Destination Memories: Cannes, France

Members and travel writers share the places they’re travelling to, albeit in their minds

The exterior of a white building and blue sky above it.
Red carpet, palm trees and a large poster with Cannes Film Festival written on it.
People queuing.

The 73rd annual Cannes Film Festival was scheduled to take place from 12 May, but has now been postponed. French-Iranian director, screenwriter, producer and member, Emily Atef, reminisces about the festival and the French Riviera city

By Emily Atef   Top Image courtesy Katja Eichinger; other images courtesy of Emily Atef    Saturday 9 May, 2020   Short read

My first time at Cannes was in May 2008. I was invited to the Film Festival with my second feature film, The Stranger In Me, which would premiere in the section, Semaine de la Critique. The last time was 10 years later in 2018 to promote my fourth feature, 3 Days In Quiberon. This month, I would have been there again for the opening of the most prestigious film festival in the world. ‘Bahhh et alors’, the French would say – ‘this shall pass.’ And as I think over those past visits, my memories are as vivid as if I were there now; I’m a film-maker after all, transforming words into images, into dreams, is what I do. So, here goes.

The buzz and taste of the salty sea breeze already seems to float in the air of the easyJet aircraft that takes me from Berlin to Nice. The flight is packed with likely festival folk: the obsessive cinephiles, the sellers, the sharks, the visionaries and makers of dreams, there to celebrate ‘le septieme art’, le cinema.

Landing in Nice and driving less than an hour along the magnificent coastal road of Juan-les-Pins, the seaside resort that inspired Ernest Hemingway and F. Scott Fitzgerald, I arrive in Cannes. Originally, the bay of Cannes was located on a swamp. No one at the time would have thought of building a city there. But this small harbour town is like many provincial ports, the picturesque is mixed with a hint of sleaze and criminality. The eternal contradiction and, thus, the eternal lure of the Cote d’Azur. Nothing here is as it seems. The scent of the sea, of pine trees, of bright yellow mimosa flowers and lavender in unison with the scent of money, heavy perfumed dames and fumes of Lamborghinis cruising demonstratively. A contradiction of grotesquely overhyped urban architecture against the breathtaking natural world is everywhere in Cannes. But nature wins: the blue of the horizon outshines everything. The blue of the Cote d’Azur. The merging of sky and ocean. A touch of heaven that repeatedly takes one’s breath away.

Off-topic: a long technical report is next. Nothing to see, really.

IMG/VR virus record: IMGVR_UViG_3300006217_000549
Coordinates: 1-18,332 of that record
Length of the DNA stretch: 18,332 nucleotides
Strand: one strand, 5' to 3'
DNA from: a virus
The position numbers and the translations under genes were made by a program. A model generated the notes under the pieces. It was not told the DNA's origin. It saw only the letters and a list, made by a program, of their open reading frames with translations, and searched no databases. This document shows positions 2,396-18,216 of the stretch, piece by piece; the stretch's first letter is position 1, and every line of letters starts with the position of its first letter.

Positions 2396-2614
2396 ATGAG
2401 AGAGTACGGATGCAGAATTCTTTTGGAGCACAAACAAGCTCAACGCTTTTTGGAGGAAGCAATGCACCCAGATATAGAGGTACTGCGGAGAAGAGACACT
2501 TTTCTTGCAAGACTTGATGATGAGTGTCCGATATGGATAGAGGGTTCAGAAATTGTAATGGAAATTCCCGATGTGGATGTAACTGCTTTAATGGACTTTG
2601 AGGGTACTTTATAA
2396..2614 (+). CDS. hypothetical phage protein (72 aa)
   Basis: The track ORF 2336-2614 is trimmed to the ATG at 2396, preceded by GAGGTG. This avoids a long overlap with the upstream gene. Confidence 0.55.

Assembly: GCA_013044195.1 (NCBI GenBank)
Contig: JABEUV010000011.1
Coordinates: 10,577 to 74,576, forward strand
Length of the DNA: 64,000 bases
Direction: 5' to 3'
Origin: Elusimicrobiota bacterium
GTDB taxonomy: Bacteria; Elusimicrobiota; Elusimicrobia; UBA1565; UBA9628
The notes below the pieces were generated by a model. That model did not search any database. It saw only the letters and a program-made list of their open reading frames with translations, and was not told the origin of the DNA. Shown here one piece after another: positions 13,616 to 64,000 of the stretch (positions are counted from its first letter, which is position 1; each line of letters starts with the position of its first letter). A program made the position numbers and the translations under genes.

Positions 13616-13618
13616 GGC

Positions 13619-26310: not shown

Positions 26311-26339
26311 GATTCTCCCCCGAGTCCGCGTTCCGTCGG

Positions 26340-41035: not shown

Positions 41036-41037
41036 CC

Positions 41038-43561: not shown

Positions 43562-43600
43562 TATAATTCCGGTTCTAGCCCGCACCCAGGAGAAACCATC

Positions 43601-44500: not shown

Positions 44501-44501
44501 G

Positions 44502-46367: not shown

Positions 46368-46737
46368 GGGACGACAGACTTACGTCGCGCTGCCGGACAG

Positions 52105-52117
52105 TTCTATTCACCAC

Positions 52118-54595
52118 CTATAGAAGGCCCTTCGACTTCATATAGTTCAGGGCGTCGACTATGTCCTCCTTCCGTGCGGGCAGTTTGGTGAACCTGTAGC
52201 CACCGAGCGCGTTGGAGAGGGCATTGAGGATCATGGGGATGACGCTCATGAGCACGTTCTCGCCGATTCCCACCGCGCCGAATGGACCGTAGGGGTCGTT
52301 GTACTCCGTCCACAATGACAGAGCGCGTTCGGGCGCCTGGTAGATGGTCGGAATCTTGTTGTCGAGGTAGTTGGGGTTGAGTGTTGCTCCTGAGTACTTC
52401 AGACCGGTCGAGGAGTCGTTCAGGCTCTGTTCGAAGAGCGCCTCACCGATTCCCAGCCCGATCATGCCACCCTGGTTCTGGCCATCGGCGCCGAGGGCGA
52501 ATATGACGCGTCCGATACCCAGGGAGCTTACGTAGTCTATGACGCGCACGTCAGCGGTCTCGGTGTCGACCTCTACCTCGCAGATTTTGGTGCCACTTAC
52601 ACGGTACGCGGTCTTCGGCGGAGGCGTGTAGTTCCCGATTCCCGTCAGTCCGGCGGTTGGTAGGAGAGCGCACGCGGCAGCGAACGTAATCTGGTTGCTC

a town by the sea
A woman and a young girl eating oysters in a restaurant.
A woman sitting on a boat's deck.
And the love of film, actors and artists wins, as (almost) every year in mid-May, one can rely on the most intensive, exhilarating cinema get-together in the world. Here, you will probably see the future masterpieces of the year. Possessing a ticket at the Lumière cinema, sitting in front of that immense screen, hearing the Cannes Film Festival signature melody before the projector lights it up. An expectant audience mixed with trembling, sweaty handed film-makers seated in the front rows awaiting the final judgement. Standing ovations that can last up to 15 minutes or excoriating boos from the opinionated audience. How extraordinary it is to be part of this experience.

My Cannes rituals are sacred: my first swim at a small beach behind the old harbour – a bit chilly, but this is my reunion with the Mediterranean Sea. My first oyster of the year at the popular Astoux et Brun, where you instantly bump into and reconnect with film friends from every continent all asking, ‘What films have you seen?’ And after watching the last film of the day, in between parties, a drink at the banal-looking brasserie, Le Petit Majestic. By day, you can bet on a horse or a football game. At night, it transforms into one of Cannes’ coolest hang-outs, with people spilling onto the street, sitting on the sidewalks, barefoot in long, elegant evening gowns while sipping on beer until the early morning.

My new ritual is to stay on a few days after the festival has finished, to come back to life slowly. By renting a car and driving along one of the most beautiful coastlines in France, one can take in the silence and extreme beauty of the landscapes that surround Cannes. Visit the Lérins Islands (20 minutes by boat from Cannes) and the old city of Grasse, consecrated as the perfume capital of the world. Stop at Antibes, probably one of the most stunning seaside towns and an idyllic retreat for the founding fathers of modern art – Matisse, Picasso, Chagall and Calder all found inspiration here. In the warm calm of those spring mornings on the French Riviera, it seems to me that I have left the madness of the festival behind. I feel the intoxication of being alone, and yet… oh Cote d’Azur, oh Cannes, let me dream on and be with you in May next year. 

Emily Atef’s award-winning short film, XX To XY: Fighting To Be Jake, will screen on Sunday 17 May. Visit Screenings on the app and

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